Walking into Melgeorge's I was calm and focused.  Mary Pramann (the Legend's wife) poured Coke into my bottle (to help the stomach) as I set out to the bathroom to fill the reservoir (there was a line at the kitchen sink).  With a freshly made grilled cheese and a bottle full of Coke I was second out the door behind Jay knowing others would join me and at least most of us would get back together.  That was the best dammed grilled cheese of my life and my stomach was incredibly happy with the meal.  Seriously, it was just some bread and cheese, but for some reason it just made everything in the world glorious at that moment.

We would all join forces once again.  Working our way through the trail the pace dropped some.  It was actually pretty funny how slow we went for awhile, almost like the calm before the storm.  I continued to hang at the back of the group, mentally I wanted them to count me out as a contender, which at that point was the exact opposite of how I felt.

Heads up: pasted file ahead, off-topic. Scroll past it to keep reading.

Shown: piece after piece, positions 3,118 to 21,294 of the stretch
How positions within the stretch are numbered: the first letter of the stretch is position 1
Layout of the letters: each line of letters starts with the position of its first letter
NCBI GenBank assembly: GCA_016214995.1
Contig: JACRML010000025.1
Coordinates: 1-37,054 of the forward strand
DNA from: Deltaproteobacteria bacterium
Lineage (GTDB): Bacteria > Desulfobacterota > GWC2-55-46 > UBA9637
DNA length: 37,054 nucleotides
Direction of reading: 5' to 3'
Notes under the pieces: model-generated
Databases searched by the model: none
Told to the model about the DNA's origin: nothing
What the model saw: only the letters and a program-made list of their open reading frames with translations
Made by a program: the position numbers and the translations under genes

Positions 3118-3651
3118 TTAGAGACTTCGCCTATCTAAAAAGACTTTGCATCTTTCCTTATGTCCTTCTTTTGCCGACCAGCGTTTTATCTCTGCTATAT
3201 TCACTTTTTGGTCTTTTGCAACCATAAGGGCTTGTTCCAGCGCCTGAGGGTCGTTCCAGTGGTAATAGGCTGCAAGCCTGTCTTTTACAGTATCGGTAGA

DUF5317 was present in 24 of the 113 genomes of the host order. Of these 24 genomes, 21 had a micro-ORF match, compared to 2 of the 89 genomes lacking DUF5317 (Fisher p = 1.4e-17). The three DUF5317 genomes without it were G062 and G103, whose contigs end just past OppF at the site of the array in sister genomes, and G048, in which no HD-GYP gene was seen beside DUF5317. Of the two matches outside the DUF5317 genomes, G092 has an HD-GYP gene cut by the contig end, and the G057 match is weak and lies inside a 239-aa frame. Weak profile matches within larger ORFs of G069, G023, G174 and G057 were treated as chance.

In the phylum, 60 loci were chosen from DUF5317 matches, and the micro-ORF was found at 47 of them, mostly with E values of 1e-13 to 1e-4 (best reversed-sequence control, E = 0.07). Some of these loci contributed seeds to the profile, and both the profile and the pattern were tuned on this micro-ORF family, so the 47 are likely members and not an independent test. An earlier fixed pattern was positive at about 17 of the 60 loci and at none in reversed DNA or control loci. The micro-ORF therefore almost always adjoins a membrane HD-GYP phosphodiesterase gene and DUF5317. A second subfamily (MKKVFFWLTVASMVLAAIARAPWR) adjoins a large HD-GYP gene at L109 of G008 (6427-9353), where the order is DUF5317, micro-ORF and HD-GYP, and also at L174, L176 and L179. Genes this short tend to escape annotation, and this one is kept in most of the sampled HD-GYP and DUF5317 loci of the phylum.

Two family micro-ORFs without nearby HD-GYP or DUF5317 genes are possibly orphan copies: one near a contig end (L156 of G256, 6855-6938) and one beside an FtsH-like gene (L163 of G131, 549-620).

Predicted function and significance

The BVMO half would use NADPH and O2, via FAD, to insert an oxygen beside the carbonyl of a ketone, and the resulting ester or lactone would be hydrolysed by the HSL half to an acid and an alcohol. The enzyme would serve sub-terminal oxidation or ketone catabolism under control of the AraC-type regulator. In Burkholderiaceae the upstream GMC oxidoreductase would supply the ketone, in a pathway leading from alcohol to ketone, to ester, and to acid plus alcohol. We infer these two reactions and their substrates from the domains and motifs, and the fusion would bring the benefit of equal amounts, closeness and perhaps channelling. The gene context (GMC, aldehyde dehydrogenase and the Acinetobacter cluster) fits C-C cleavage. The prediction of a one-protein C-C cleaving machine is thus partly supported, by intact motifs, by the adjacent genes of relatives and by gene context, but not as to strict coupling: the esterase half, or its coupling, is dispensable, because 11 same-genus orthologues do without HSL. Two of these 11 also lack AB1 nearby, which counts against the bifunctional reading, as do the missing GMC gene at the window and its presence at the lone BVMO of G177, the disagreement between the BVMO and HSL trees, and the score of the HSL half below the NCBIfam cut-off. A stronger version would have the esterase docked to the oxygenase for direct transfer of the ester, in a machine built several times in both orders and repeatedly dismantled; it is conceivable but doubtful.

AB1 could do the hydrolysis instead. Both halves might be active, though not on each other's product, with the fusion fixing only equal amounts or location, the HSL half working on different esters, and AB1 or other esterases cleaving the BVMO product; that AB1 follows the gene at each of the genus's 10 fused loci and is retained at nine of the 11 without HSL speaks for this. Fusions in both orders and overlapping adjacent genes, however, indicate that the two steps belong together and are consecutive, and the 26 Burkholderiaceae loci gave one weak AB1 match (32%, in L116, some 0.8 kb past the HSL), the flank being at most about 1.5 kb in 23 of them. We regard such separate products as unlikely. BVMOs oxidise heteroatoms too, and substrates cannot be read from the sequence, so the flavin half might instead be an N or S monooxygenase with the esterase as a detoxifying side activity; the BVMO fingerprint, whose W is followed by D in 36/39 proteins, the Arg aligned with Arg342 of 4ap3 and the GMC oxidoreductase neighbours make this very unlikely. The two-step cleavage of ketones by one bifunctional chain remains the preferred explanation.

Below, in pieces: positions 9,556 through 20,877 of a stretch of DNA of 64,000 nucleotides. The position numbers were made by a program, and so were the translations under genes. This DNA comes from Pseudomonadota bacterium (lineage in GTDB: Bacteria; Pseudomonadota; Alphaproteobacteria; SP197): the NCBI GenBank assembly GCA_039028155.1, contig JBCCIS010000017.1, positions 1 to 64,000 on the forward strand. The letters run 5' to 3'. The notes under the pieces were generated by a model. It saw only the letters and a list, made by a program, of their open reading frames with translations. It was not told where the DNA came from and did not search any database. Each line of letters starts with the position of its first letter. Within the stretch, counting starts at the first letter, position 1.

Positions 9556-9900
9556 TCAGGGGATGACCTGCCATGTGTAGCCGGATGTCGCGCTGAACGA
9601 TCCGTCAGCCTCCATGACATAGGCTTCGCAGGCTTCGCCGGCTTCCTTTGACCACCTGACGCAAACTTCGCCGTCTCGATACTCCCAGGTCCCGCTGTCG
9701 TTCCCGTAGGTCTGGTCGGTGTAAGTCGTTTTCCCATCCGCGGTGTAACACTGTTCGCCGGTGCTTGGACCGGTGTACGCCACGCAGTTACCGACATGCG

The sun had gone down and we were now in the 10 miles leading up to the last checkpoint: ski pulk.  My nausea had returned, but nothing severe.  I had been eating and was not worried about calories.  The terrain was a lot of steep up and down with a fair bit of pushing, and my legs felt GREAT.  Roughly 100 miles in and my legs were feeling almost the best all race.  I knew I was going to the finish with this group and couldn't help but relish the fact I can lay down a mean sprint.  Under my mask I was smiling, but I made sure not to hint this to the fellow racers.